In an interview with Game Rant, two senior RuneScape developers talk about how the upcoming mobile port makes the main game more accessible.
RuneScape is undoubtedly an important entry into the massively-multiplayer online (MMO) genre. There are currently two different copies of the game from different eras, the modern RuneScape 3 and Old School RuneScape, each with large fanbases. Furthermore, with the launch of the main game on mobile this summer, both will have portable versions available. Thanks to the mobile release of RuneScape 3, players can opt to use an entirely different control scheme, wherever and whenever they want.
Game Rant talked to Jagex Product Director Matt Casey, and Senior Product Manager Liam Powney, about the issues and excitement around fitting such an expansive title onto a tiny device. Casey and Powney covered PvP, mobile control schemes, pirate bays for cheaters, and playing games at family functions. While these aspects of the game’s long and complex history were interesting, the real focus was on the upcoming release of RuneScape on mobile and cultivating new players.
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Developing for mobile meant returning to a lot of old content, and remastering for mobile renewed the PC game as well. The developers talked about how they got the game’s huge UI onto mobile, and how the community created its own mobile boss rush mode. The expansion of the main Jagex team also came up, which broadened the horizons of the developers to create a game more people can enjoy.
RuneScape’s central draw as an MMO, according to its production team, is how accessible it is no matter how players want to engage with it. In particular, the game sets itself apart from other MMOs with its wide array of menus and actions. A customizable menu configuration is one of the many reasons players keep coming back, as it allows for complete and total control of how they interact with the intricately crafted world.
This is reportedly tough to emulate for RuneScape on mobile. However, thanks to some work on the RuneTek 5 engine’s API, the team were able to add very granular gesture control. This gesture control doesn’t just control movement or interaction, as with many mobile titles, but different types of gesture can be used to access the different menus in RuneScape 3.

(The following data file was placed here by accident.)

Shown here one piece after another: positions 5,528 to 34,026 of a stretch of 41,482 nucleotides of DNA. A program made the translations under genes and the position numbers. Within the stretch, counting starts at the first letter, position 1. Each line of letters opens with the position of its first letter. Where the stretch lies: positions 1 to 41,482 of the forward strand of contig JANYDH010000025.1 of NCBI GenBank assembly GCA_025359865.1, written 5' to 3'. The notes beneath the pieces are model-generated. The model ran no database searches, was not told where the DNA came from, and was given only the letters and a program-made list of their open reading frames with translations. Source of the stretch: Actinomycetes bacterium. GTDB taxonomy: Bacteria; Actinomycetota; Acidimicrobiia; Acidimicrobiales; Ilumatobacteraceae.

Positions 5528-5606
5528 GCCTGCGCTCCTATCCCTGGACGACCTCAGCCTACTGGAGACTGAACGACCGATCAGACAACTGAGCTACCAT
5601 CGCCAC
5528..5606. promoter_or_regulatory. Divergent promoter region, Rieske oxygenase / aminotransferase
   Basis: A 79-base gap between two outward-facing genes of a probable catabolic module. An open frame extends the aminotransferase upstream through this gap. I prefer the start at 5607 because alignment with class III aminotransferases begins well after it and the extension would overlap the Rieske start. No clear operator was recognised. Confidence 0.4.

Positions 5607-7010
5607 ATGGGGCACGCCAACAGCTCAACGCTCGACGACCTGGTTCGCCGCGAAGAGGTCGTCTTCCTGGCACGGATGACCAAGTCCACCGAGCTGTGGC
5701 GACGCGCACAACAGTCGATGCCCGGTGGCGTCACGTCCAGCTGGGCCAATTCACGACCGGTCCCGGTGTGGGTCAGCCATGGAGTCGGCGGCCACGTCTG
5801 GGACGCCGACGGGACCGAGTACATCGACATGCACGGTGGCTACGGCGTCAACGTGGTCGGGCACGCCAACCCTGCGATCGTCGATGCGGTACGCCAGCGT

Powney described the new control scheme as the mobile version’s “magnum opus.”
“I think being able to have two sets of action buttons on screen and a mini-map, and then being able to slide out your inventory mid-combat so you can eat some food on a tiny, tiny screen has been probably the biggest thing that took a lot of iteration.”
Not only was this important in a purely mechanical sense, but the team wanted this ease of use and intuitive mobile control scheme to help tease players back with an accessible and engaging mode of play, according to Casey.
“People just want to see what it’s like. You can sit there and see it on your phone and say, ‘I’ll get it, the download it doesn’t take long’ … I just think with that kind of accessibility, it will give a lot of people a reason to jump in and give it another shot, which is great.”
Old Dog, Remastered Tricks
Casey remarked on how remastering elements of the game forced the team to reckon with the difficulty some might have had with their title. It did not come from an immediate realization or as a reaction to complaints, but rather a reaction to thinking about the place the team wanted the 20-year-old RuneScape to have now and into the future. It also served as a reminder that accessibility options help all gamers, including those on the desktop version.
The biggest example of this was something simple: Text. “One of the things we found earlier on looking at the game on a small screen was the legibility,” Casey said. Both members of Jagex staff and play testers apparently had difficulty reading text on mobile. The team realized they had “people with accessibility issues, and we haven’t done a huge amount to tackle that.” A game with as many items and abilities as RuneScape has a lot of text as part of the package, and as such legibility issues are a big concern for a new platform.
Jagex’s Accessibility Philosophy
The team’s reaction to these accessibility issues was swift, and one that also improved the base game. Not only did Jagex improve legibility, but the changes also told the team there was even more work still to do to make this generation defining MMO more accessible for future players. In general, Matt Casey summarized the act of fitting the game onto mobile as a learning experience for Jagex.
“One of the good things with mobile was it helped us surface those issues and address them. So, we’ve improved things like the aliasing on the text in the game, and that’s a thing we can transfer to the desktop so it’s going to impact all users. […] A lot of our players commented on how it’s going to help them in the future. […] We learned things from doing mobile that we’ll probably experiment with and take over to the main game as well to the PC and Mac users.”
RuneScape is available now on PC, and it will release on mobile platforms in June 2021.
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